Snusforumet catches up with Dr. Sudhanshu Patwardhan to learn more about the harm reduction expert’s recent paper on nicotine pouches and why nicotine misconceptions are so widespread.
Patwardhan – also known as Dr. Sud – is a British-Indian medical doctor based in the UK. He co-founded the Centre for Health Research and Education (CHRE), which brings together medical and public health experts to work on cancer prevention projects in the UK and South Asia.
Together with Swedish nicotine researcher Dr. Karl Olof Fagerström, Patwardhan recently published a comprehensive review on nicotine pouches in the hope of providing guidance to policymakers and public health experts exploring different forms of regulation.
Patwardhan agreed to answer some questions from Snusforumet about the paper and how to tackle the persistent nicotine misconceptions that often hamper harm reduction efforts.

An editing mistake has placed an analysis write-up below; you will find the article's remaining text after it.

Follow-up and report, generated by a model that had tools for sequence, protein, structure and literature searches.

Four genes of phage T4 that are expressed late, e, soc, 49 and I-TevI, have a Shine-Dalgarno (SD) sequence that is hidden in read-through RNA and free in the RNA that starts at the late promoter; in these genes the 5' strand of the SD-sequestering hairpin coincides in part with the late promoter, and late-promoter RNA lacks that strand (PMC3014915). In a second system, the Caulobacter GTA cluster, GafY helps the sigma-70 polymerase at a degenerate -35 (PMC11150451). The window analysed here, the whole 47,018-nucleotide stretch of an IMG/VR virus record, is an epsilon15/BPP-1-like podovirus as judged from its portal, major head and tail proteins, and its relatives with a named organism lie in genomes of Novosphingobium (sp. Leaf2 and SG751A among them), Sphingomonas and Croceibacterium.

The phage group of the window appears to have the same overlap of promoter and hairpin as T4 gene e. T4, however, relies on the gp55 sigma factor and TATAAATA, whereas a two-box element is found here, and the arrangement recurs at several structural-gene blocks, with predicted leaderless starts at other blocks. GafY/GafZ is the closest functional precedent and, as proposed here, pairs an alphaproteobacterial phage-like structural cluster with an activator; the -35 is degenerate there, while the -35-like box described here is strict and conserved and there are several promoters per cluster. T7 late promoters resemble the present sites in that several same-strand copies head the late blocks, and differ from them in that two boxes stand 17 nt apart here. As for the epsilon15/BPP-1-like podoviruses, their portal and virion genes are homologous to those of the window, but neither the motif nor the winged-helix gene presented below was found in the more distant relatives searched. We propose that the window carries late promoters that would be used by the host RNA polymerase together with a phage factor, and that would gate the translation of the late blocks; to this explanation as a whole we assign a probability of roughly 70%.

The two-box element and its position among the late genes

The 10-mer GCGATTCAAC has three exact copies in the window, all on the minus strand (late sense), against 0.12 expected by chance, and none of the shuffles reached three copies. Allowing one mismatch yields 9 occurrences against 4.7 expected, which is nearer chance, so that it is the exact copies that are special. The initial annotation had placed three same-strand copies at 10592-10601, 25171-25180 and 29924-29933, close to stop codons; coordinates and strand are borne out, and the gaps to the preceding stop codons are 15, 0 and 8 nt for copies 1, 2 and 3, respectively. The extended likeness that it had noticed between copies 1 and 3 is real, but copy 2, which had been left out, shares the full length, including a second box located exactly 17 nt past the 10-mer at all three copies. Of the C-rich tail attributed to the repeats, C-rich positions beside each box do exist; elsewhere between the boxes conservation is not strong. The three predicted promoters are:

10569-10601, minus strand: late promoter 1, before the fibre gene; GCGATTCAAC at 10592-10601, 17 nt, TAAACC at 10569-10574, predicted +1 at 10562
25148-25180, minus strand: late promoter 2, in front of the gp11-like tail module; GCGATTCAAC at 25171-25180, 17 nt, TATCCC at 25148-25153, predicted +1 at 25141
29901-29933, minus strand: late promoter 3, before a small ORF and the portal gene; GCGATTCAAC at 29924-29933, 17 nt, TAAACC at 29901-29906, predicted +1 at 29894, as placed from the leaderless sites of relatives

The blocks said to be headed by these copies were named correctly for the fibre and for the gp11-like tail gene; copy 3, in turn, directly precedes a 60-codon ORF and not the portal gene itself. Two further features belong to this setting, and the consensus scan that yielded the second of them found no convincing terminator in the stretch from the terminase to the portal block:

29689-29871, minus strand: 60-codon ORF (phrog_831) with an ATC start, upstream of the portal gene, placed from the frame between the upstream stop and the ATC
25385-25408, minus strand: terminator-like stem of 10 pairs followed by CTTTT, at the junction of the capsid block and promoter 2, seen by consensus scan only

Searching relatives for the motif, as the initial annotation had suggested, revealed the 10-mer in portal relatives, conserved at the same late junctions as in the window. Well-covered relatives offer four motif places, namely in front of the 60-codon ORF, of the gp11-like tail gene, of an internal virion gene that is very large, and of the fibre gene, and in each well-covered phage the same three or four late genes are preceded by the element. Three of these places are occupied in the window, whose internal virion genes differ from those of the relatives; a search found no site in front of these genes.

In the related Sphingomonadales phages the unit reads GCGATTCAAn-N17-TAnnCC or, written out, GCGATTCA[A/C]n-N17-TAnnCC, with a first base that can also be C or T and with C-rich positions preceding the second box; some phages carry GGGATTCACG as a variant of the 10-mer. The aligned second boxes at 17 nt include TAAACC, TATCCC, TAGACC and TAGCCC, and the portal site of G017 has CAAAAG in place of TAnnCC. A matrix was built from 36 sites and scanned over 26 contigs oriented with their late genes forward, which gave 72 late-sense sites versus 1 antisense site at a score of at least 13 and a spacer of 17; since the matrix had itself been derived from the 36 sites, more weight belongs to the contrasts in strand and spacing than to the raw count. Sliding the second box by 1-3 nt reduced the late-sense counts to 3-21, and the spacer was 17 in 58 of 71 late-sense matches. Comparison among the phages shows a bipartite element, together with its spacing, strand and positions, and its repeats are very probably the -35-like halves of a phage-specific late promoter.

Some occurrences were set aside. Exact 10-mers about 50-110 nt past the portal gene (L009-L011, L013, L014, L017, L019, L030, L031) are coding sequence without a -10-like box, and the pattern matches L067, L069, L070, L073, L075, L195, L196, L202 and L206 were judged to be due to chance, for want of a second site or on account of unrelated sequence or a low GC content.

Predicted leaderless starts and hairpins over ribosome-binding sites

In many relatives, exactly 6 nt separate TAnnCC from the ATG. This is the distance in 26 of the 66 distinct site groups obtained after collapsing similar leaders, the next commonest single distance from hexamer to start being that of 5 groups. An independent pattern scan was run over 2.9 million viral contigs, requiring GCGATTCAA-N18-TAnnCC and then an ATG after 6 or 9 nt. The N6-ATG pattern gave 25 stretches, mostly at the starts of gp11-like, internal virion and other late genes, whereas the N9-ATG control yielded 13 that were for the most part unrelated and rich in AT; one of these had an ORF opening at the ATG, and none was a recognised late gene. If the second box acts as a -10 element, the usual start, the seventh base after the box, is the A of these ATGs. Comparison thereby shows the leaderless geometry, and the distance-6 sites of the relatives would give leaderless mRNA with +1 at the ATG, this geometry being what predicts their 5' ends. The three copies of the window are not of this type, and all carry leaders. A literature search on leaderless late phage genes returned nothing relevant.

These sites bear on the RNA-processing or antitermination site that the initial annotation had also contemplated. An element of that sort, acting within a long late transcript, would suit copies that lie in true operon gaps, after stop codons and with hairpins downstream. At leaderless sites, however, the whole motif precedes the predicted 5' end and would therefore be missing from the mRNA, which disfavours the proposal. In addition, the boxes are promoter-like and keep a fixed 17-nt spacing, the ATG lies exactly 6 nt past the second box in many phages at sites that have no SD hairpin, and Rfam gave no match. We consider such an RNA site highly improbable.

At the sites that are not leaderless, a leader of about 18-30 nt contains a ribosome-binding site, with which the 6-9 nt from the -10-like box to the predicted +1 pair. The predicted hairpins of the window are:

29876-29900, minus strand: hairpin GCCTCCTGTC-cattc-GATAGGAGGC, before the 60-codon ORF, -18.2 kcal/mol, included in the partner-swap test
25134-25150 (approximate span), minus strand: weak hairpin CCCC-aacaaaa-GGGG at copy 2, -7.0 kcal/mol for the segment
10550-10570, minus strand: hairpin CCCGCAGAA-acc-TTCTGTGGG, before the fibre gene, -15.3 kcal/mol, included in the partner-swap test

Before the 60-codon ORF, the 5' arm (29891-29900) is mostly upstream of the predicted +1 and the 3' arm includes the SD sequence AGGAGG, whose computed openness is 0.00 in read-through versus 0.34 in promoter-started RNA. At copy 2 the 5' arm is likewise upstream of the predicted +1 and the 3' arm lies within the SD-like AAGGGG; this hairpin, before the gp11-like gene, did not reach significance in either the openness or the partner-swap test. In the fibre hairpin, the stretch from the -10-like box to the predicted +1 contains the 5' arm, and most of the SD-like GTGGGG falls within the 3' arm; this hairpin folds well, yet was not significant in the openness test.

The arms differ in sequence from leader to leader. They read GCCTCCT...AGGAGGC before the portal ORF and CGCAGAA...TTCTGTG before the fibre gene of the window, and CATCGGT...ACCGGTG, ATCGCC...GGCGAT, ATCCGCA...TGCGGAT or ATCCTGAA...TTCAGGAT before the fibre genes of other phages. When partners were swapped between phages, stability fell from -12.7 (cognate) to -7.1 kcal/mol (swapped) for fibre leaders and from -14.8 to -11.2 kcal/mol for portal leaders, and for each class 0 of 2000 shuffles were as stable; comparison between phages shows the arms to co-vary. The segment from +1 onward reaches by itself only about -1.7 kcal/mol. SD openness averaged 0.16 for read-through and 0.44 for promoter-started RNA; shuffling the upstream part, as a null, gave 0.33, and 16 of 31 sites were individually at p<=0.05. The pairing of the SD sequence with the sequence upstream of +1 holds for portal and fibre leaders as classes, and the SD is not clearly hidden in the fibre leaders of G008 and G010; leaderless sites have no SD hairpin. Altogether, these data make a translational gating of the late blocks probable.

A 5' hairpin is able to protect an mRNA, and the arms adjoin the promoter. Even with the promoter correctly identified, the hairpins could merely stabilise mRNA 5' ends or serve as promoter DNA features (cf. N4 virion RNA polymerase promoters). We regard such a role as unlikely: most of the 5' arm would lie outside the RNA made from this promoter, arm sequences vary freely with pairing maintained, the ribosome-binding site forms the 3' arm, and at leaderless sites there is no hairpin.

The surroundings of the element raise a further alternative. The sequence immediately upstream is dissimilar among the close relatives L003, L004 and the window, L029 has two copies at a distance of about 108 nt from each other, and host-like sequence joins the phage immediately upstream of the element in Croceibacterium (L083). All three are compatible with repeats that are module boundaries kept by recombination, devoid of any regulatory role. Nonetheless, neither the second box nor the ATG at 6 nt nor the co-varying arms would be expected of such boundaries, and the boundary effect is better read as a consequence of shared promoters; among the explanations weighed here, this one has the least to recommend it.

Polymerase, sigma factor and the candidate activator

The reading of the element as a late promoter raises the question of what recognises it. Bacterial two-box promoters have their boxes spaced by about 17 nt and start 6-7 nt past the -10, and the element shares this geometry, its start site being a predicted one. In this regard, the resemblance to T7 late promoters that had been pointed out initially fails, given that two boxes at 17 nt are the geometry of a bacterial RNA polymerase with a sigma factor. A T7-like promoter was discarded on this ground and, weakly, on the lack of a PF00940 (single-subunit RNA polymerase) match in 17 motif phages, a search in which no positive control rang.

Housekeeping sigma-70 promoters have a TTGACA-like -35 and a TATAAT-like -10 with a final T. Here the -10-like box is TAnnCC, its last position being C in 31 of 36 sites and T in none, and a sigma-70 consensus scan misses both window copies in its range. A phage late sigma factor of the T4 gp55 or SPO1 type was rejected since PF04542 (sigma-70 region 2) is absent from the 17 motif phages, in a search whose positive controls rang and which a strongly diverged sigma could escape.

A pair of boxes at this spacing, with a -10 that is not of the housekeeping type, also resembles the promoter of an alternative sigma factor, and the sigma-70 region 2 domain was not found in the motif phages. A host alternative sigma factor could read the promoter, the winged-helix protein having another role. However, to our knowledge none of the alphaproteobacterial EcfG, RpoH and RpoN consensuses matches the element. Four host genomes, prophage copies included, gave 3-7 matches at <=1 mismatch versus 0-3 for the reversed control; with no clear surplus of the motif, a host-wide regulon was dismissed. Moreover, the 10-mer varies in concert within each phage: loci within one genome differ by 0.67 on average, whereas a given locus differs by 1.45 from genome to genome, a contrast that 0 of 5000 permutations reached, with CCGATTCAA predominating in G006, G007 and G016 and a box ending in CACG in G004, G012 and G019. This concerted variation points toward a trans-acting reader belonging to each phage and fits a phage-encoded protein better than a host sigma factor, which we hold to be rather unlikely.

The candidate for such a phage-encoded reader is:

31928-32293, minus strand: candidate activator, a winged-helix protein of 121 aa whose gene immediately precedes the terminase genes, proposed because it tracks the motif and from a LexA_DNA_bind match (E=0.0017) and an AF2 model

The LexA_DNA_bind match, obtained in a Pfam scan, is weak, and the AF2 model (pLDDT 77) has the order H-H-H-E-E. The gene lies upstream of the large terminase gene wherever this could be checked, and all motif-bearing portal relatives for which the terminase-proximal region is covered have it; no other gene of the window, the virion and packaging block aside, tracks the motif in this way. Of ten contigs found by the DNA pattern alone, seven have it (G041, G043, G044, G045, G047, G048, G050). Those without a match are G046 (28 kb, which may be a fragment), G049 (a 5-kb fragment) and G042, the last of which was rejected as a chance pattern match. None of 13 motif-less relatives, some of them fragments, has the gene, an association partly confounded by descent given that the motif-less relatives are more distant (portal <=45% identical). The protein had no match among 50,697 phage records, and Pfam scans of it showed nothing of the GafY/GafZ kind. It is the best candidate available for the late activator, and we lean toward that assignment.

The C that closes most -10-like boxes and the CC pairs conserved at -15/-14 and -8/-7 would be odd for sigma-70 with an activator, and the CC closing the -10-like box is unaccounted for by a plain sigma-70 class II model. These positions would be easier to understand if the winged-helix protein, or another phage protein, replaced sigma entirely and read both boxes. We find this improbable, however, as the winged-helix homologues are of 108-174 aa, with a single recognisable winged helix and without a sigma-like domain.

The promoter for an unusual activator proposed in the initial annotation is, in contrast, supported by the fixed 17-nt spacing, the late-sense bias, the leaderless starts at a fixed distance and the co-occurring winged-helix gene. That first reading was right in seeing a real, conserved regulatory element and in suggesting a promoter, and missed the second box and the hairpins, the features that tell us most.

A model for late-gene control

Why have you chosen to take a closer look at nicotine pouches?
The global disease and death burden from risky forms of oral tobacco such as gutkha, zarda, naswar, and American chew products – as well as from smoked tobacco such as cigarettes, bidis, cigars, cigarillos, and shisha – is huge. There are over a billion current users of such tobacco products, and over 7 million annual deaths from their long-term use.
One of the most common nicotine misconceptions is that nicotine, in quantities consumed in cigarettes or pouches, is carcinogenic.Sudhanshu Patwardhan
The success rate of quitting such risky forms of tobacco is unacceptably low and the rate of relapse among quitters is too high. Thus, it’s crucial to innovate and develop better cessation products and services. And we believe nicotine pouches could be one such cessation option.
What are the main conclusions of your paper?
Nicotine pouches – due to their composition, expected consumption patterns, and based on some preliminary research – seem to have great potential for helping current users quit their consumption of risky forms of tobacco.